Equipping parents and teachers with tools to provide displaced children with psychosocial support
- Kenya, Myanmar and Cameroon
Today, there are over 80 million forcibly displaced people in the world. It’s estimated that over 40% of these are children. Many of these children may have experienced extreme stress or trauma. Uncovering what support they need and how to provide it in their new, unfamiliar environment is a difficult but critical challenge .
Norwegian Refugee Council ’s incredible Better Learning Programme (BLP) tackles this problem by helping parents and teachers to better support children and adolescents affected by displacement. The programme focuses on providing a clearer understanding of how trauma and stress can affect children on a day-to-day basis, with a particular focus on how this impacts their learning in and out of school.
The COVID pandemic accelerated the value of creating remote, digital access to the BLP programme, and in doing so, expand the reach and scale of BLP by making it available to parents and teachers no matter their location, at a time and pace that suits them. The digital BLP initiative needed to both complement the existing programme, and work as a stand alone initiative, reaching and supporting those unable to attend a programme in person.
Our goal was to build an inclusive app that puts digital learning in the hands of users wherever they are.
Understanding our users' unique needs
Before designing the application, we knew that the primary users are parents and teachers of displaced children, in rural, urban and camp settings. Both parents and teachers are likely to have a low cost phone, with an older OS, and lower levels of digital literacy. They may not have money for data credit, access to free WiFi or a place to charge their phone. Crucially, parents are also likely to be suffering from stress and trauma, which can affect their ability to focus and retain information.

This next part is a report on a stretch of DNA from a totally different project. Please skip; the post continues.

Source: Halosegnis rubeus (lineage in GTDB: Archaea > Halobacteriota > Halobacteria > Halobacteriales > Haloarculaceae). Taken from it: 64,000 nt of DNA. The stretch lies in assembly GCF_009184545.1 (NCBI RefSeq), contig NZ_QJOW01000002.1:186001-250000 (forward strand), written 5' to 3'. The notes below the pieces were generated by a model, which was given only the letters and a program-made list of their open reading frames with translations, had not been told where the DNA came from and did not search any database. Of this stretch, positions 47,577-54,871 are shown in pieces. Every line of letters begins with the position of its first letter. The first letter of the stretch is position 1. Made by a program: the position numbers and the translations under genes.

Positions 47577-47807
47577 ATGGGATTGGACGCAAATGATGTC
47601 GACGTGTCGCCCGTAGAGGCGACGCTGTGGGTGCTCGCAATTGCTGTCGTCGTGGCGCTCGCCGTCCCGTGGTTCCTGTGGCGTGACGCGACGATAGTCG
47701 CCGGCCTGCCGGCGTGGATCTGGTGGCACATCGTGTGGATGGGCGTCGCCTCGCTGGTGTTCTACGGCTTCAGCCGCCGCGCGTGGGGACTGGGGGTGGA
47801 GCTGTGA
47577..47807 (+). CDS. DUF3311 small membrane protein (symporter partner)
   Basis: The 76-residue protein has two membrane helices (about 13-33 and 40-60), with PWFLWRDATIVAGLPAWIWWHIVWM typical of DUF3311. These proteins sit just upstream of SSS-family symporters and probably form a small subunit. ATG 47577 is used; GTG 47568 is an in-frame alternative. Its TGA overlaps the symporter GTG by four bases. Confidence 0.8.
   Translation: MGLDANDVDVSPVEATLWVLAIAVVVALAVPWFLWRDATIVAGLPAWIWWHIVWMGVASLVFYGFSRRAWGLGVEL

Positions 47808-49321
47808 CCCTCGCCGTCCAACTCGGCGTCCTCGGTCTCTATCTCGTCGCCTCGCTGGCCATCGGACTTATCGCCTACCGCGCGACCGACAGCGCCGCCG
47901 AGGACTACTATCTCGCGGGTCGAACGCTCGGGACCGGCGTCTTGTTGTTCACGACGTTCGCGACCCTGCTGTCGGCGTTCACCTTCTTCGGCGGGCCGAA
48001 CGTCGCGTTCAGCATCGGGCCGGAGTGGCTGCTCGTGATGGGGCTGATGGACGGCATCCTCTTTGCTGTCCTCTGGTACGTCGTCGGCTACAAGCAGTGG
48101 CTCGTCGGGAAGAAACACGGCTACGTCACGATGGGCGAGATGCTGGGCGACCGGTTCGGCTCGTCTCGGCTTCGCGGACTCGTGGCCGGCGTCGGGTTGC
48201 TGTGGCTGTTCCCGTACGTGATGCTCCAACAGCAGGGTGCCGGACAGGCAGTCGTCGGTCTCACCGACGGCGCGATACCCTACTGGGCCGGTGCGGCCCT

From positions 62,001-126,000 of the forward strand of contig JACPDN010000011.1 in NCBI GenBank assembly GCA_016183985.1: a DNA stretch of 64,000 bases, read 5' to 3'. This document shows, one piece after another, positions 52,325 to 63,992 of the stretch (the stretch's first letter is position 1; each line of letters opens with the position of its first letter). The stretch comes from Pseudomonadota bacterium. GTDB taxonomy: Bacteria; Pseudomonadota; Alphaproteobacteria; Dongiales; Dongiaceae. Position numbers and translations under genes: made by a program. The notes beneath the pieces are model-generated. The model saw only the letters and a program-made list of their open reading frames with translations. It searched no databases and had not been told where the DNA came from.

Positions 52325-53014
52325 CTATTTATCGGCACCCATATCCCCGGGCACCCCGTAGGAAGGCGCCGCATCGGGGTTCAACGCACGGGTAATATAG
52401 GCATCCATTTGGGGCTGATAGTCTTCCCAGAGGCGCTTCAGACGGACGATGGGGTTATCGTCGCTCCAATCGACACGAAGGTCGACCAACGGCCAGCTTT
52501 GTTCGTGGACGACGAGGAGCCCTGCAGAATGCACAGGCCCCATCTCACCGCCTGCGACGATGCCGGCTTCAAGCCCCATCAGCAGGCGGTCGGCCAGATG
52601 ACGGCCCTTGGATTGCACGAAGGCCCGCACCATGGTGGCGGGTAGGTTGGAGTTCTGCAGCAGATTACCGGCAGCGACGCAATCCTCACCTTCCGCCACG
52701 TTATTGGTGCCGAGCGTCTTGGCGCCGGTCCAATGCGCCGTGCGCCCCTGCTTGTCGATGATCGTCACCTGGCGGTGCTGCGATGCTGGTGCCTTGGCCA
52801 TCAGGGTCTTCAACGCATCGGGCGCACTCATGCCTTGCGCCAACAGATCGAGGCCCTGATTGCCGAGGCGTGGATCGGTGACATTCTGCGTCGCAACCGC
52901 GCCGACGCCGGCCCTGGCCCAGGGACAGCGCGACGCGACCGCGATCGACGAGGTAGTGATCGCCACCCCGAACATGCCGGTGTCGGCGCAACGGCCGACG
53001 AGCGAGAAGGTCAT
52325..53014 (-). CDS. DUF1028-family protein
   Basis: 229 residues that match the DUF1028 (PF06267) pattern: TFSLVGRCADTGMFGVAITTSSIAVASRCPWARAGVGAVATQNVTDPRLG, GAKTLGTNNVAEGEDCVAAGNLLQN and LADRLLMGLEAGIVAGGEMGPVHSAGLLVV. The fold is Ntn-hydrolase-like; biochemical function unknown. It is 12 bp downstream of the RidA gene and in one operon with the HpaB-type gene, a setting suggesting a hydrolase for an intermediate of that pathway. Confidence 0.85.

Building an inclusive experience
We created a light-weight Android application and a Progressive Web Application to ensure the programme could be accessed no matter the device used, and without draining the valuable commodities of battery life, data, or storage. We made videos available in different resolutions to support all levels of WiFI connectivity. We built different learning journeys for parents and teachers. Both are simple, comprising a step-by-step process of short videos followed by check-ins to track progress.
Re-designing the log-in process
A typical log-in approach requires an email address, which we knew many of our users wouldn't have. We also knew that a complicated 12-digit password may be hard to remember for our users and were mindful that this may be the first log-in some of our users have ever created. At the same time, we wanted to avoid encouraging them to choose a simple but low security password, as this could negatively influence their choice of future passwords, such as banking.
With this in mind, we opted for a simple username (i.e. their first name) and phone number. A unique identifier was then automatically generated and stored in the secure database. This approach is a low barrier method for sign up that keeps our user's accounts personalised but crucially, safe.
Preparing to scale
The Better Learning Programme app, currently available in English and Arabic has piloted in Kenya, Myanmar and Cameroon. So far, feedback is positive:
“I learnt more through the video than I did face to face. I think it’s because its short and precise.”
“It’s like the app summarises face-to-face training.”
"The MVP we built has proved that the future of the BLP app is luminous. However, we want to make sure we get it right. NRC is investing in understanding the business environment of BLP in a digital world so that we can sufficiently elevate our internal capabilities and external offerings for the people we serve. NRC is working towards institutionalising the Better Learning Programme in 30 countries and counting. The BLP App is crucial to improving awareness, access and quality of psychosocial support services in these contexts." - Lynda Kigera, Norwegian Refugee Council